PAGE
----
The parameterized map . For each fixed μ value, the attracting set in [0, 1] is shown. There are infinitely many cascades. For this map, each cascade has precisely one saddle-node bifurcation. The branch of unstable orbits ending at the saddle-node bifurcation is shown for period-1 and period-3. Each regular periodic orbit within the map's horseshoe at is uniquely connected to one of the (infinitely many) cascades. The regular period-one and period-three orbits are shown here, depicted respectively by one and three dots at . This is the bifurcation diagram most frequently displayed to illustrate the phenomenon of period-doubling cascades. However, cascades occur for much more complex dynamical systems that are completely unrelated to quadratic maps, as shown for example in Fig. 2 .
The attracting set for the double-well Duffing equation: This equation is periodically forced with period . Therefore, the F = time- map is a diffeomorphism on parameterized by ω. Depicted here is the attracting set of F, projected to the -plane. The constant 0.01 has been added to destroy symmetry in order to avoid non-generic symmetry-breaking bifurcations.
A path in a component. There is one component that contains fixed points (as well as orbits of period 2 n for . The path h(s) shown in red passes through each orbit in this component exactly once. As shown, at each period-doubling bifurcation, h(s) passes through the upper branch, but this choice is arbitrary. If the path were chosen so it sometimes went through the lower branch of periodic points, it would still pass through the same orbits. Both branches of periodic points describe the same orbits. Note that the lower branch extends infinitely far to the right and infinitely far down. The limiting end point is not a periodic point and is not a point of the cascade. The path can be thought of as the image of a function for s in an open interval J, and the path h(s) passes through each orbit exactly once. Furthermore, for an appropriate change of variables, we can choose J = (–1, +1).
Paths on families of orbits. Each point in the curves of this figure represents an entire orbit. This figure depicts three different paths of periodic orbits. It outlines the situation in Theorem 1 and Lemma 1. Path segments between bifurcations consist of regular saddles (denoted S), attracting orbits, or repelling orbits (both denoted AR). The bifurcation orbits for a generic family are all saddle-node (SN), period-doubling, or period-halving (both denoted PD) bifurcations. If while following a path, the path reverses direction ( is increasing on one branch and decreasing on the other), as with p 3 and p 4 at SN, then one branch is Type S while the other is type AR. The path starting at p 1 reverses direction twice, both times at a SN point. If a path connects orbits at two ends of the parameter interval, as with p 1 and p 5, then they are the same type. We show that there are infinitely many Type S segments starting at that do not return to , and only a finite number of these may connect to orbits at , and these must be Type S. Hence, there are infinitely many paths like the one stemming from p 2, remaining forever in a bounded region between and and containing cascades.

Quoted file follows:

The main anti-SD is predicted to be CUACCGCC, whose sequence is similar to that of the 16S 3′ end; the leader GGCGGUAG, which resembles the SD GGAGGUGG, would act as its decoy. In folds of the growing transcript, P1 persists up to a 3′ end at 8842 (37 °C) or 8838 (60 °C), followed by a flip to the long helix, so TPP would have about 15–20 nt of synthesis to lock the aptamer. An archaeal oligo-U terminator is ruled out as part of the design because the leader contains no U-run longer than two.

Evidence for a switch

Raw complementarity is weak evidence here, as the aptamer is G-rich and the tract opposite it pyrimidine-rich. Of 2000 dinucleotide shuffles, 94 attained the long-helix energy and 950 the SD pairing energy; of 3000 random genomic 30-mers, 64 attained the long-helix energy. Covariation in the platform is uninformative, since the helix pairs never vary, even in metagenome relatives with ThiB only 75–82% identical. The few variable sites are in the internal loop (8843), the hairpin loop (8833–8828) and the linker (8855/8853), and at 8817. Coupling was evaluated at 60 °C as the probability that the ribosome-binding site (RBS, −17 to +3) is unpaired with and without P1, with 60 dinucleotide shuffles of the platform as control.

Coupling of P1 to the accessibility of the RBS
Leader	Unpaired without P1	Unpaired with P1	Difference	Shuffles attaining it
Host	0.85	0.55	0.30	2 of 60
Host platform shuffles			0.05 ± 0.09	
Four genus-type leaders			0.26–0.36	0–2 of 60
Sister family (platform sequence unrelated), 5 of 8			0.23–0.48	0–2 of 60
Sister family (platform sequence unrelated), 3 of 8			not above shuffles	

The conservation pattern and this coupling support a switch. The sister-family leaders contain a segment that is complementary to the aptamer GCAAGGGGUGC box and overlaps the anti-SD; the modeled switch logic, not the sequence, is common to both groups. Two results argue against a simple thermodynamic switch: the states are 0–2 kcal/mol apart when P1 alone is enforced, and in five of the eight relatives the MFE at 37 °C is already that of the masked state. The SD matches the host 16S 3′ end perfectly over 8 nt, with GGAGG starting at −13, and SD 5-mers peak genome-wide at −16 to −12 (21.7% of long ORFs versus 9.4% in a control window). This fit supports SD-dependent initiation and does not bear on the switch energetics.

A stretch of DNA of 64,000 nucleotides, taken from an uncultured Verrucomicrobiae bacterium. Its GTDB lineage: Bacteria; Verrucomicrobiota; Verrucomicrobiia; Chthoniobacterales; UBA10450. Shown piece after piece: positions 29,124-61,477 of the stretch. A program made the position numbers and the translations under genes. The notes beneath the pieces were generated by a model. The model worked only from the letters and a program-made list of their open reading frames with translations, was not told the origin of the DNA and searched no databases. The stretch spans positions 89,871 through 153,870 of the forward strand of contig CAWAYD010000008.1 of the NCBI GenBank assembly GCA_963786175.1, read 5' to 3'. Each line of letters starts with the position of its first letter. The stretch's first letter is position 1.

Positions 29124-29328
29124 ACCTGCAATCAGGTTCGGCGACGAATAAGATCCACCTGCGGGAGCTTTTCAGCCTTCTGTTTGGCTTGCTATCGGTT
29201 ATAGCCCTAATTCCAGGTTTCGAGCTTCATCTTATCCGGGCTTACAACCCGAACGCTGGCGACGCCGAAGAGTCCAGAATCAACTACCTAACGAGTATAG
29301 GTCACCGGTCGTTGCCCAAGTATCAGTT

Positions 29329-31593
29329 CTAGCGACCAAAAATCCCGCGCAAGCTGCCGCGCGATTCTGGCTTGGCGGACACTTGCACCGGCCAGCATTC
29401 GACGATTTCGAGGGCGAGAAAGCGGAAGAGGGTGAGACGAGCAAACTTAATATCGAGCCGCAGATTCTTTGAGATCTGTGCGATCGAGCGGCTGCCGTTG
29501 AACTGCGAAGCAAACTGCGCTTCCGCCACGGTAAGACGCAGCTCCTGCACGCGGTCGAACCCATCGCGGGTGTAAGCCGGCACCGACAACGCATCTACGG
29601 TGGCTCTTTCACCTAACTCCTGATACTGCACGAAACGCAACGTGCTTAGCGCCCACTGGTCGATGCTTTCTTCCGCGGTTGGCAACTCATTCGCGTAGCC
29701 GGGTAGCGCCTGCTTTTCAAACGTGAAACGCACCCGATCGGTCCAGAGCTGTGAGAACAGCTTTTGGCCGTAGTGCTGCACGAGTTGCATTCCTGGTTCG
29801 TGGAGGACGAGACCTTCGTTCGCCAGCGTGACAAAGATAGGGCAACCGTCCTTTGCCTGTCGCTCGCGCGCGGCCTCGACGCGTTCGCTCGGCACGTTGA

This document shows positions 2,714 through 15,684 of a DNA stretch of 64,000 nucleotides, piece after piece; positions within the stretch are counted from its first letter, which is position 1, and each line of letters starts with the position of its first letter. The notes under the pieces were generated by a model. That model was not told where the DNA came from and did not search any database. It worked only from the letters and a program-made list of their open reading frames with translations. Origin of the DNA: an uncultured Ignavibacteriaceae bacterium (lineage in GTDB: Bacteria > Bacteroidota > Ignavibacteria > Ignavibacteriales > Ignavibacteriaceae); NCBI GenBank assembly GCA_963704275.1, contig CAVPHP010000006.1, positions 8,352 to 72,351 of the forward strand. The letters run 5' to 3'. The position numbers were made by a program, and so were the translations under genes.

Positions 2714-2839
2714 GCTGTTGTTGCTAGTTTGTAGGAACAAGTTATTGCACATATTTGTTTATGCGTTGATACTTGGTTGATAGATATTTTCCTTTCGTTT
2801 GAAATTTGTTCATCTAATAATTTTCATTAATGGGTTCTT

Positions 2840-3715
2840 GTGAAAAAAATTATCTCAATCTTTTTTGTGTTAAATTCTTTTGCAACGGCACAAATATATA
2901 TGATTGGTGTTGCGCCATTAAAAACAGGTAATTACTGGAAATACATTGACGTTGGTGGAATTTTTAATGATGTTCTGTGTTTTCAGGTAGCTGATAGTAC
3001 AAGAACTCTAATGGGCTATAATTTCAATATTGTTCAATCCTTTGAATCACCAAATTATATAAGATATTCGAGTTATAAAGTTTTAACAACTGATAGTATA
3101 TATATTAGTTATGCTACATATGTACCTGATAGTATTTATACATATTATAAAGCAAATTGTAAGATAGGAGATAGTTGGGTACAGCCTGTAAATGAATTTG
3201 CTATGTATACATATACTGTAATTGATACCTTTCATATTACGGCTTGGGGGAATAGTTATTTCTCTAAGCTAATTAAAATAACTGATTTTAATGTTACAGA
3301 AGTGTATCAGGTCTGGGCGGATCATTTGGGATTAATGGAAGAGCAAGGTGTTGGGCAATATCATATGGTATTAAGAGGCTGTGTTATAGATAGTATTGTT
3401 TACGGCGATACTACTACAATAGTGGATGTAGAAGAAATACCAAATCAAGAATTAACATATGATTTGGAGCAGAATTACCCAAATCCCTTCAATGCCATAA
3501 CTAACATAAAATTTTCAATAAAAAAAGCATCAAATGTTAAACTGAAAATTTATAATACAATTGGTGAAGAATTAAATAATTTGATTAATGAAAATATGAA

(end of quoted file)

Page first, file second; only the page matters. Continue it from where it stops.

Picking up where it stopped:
Paired cascades. This figure depicts two sets of period-seven cascade components for the Hénon map , each containing paired cascades. Only one point of each of the period-7 orbits of the Hénon map are shown, so that it is clearer how each pair is connected by its component. The leftmost and rightmost cascades are paired; that is, they lie in the same component of orbits. They are connected by a path of unstable regular periodic orbits (the orbit connecting the lefthand and righthand sides of the figure). Likewise, the two middle cascades are paired. They lie on (and are connected by) a path of attracting period-seven orbits. Paired cascades are not robust to macroscopic changes in the map in that both can be simultaneously destroyed by a large enough local perturbation.
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